“My Baseball History – Episode 202”, Marjorie Adams

So, much of what I have learned, all of this, I owe it to several fine historians…

John Thorn, of course, who is the Official Historian for Major League Baseball.

Bill Ryczek, Richard Hershberger, Peter Morris, Thomas Gilbert, Eric Miklich. These men are amazing for what they have found out. They really are.

I knew more personal stuff, of course, than they did, but all this baseball stuff. Anything I know about it, I owe to those men.

And Peverelly,… Charles Peverelly…

So I owe all these people an awful lot. They taught me 500 times more about Doc than I ever knew when I was starting out.

“Roller Out The Barrel Podcast: #6 Marjorie Adams”, Marjorie Adams

We’ve shared documented facts and research by baseball experts, historians, authors, and others including:

Nancy Adams Downey, Marjorie Adams, John Thorn, Roger & Cathy Ratzenberger

We’ve referenced many books on baseball history, many written by respected members of the Society for American Baseball Research (SABR) including (to name just a few):

 

We shared SABR’s biography of Doc Adams (written by John Thorn).

We’ve detailed recent events and recognitions including:

Adams was on the Hall of Fame ballot for 2016, but Baseball’s Pre-integration Era Committee gave him 10 of 16 votes, he needed 12. The new document may be what he needs for induction.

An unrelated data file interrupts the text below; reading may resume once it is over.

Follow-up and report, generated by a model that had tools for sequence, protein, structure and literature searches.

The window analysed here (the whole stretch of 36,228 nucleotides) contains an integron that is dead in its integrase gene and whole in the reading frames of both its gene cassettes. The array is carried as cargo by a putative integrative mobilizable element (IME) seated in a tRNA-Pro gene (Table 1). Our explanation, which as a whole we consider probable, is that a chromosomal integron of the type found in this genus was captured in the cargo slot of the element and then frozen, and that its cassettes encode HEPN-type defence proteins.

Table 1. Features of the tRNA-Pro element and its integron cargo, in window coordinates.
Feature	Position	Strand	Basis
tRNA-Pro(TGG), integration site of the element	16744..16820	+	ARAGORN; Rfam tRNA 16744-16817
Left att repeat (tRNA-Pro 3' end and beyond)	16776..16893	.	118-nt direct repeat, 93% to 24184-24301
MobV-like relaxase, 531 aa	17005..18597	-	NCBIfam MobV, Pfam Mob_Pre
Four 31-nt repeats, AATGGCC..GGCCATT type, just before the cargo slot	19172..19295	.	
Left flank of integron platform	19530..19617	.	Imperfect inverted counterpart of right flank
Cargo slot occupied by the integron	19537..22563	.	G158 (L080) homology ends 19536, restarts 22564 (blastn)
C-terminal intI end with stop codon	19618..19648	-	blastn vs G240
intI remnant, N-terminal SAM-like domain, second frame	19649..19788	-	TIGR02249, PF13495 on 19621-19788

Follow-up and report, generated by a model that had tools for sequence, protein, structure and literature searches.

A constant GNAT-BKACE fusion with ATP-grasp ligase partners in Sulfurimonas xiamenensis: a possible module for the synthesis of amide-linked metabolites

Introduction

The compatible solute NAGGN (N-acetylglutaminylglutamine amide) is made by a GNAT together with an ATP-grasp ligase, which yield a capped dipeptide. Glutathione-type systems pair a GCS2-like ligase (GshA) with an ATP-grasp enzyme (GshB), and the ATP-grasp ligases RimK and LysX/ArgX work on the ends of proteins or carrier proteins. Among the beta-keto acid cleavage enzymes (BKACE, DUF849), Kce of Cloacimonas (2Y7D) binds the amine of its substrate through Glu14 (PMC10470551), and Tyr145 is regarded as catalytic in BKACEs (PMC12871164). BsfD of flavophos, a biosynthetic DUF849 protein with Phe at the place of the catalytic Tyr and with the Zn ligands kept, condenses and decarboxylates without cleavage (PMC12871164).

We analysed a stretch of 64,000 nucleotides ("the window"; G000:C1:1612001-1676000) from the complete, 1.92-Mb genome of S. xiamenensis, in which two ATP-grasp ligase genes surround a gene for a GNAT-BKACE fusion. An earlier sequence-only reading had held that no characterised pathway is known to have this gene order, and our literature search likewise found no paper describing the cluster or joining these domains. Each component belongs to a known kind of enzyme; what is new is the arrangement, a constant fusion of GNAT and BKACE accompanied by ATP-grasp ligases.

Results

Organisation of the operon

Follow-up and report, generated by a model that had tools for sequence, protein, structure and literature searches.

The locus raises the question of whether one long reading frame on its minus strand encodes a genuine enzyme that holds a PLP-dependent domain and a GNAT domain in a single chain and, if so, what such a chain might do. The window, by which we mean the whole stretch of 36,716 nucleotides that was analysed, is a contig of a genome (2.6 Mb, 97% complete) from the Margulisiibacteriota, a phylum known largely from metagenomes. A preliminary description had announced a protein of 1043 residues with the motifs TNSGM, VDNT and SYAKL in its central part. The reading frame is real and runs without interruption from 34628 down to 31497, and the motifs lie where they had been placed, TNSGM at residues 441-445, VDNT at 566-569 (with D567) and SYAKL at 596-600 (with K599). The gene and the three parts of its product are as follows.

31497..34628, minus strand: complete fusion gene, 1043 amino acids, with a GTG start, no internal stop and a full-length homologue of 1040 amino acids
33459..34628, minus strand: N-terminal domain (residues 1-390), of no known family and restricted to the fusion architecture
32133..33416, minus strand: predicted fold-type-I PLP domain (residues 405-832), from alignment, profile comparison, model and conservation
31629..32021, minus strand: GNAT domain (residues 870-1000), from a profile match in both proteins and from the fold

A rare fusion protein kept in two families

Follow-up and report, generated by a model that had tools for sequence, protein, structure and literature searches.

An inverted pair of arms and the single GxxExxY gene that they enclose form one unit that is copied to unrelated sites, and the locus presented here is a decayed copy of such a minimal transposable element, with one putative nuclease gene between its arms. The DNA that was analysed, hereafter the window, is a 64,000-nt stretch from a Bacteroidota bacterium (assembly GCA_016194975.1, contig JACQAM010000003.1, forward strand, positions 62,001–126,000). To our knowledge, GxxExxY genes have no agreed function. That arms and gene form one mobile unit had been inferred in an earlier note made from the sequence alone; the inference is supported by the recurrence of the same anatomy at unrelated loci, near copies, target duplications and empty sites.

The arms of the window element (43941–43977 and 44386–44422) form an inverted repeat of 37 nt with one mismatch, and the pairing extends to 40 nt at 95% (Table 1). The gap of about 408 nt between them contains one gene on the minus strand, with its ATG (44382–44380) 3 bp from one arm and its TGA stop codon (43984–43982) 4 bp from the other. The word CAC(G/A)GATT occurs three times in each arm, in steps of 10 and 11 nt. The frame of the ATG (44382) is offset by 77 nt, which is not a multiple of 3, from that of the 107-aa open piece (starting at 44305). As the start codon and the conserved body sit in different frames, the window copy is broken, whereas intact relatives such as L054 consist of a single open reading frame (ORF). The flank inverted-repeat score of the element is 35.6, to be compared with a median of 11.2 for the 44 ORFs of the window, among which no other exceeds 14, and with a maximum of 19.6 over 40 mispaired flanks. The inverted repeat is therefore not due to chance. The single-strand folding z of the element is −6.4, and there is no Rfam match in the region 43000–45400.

“Baseball’s History Re-written”, Andrew Dalton, AP

With the recent discovery of his “Laws of Base Ball” we have tangible primary evidence of his genius. More than anyone else, he created our game of nine innings, nine men, and ninety-foot base paths.

5 Inventors“, Our Game, John Thorn

We’ve highlighted Dr. Daniel Adams, in his own words, in the seminal 1896 Sporting News article, “Dr. D. L. Adams: Memoirs of the Father of Base Ball” as well as an earlier 1895 article, “The Father of the National Game Still Living in New Haven“.

For his role in making baseball the success it is, Doc Adams may be counted as first among the Fathers of Baseball.

Doc Adams’ bio in the SABR Baseball Biography Project, John Thorn

The Hall of Fame’s mission is to “preserve the sport’s history, honor excellence within the game and make a connection between the generations of people who enjoy baseball.” The Museum is committed to fulfilling its mission by:

Honoring, by enshrinement, those individuals who had exceptional careers, and recognizing others for their significant achievements.

National Baseball Hall of Fame’s mission statement

He (Doc Adams) is baseball’s most important figure not in the Hall of Fame.

5 Inventors“, Our Game, John Thorn

When reviewing the documented facts, the educated opinions of baseball historians, and the impact of Dr. Daniel Lucius ‘Doc’ Adams, M.D.’s contributions to the development of our National Pastime, if the National Baseball Hall of Fame is to live up to its mission, there is no choice but to finally recognize him with enshrinement. A fair and honest assessment by the Early Baseball Era Committee must result in his election. A 160-year wait is more than long enough.

Doc Adams has been dead since 1899; he is too well versed in the art of patience.

Twitter, John Thorn (@thorn_john)

The question isn’t “will Dr. Daniel Lucius ‘Doc’ Adams, M.D. be elected to the Hall of Fame?” but rather, “how can you have a National Baseball Hall of Fame that lives up to its mission without Doc Adams as a member?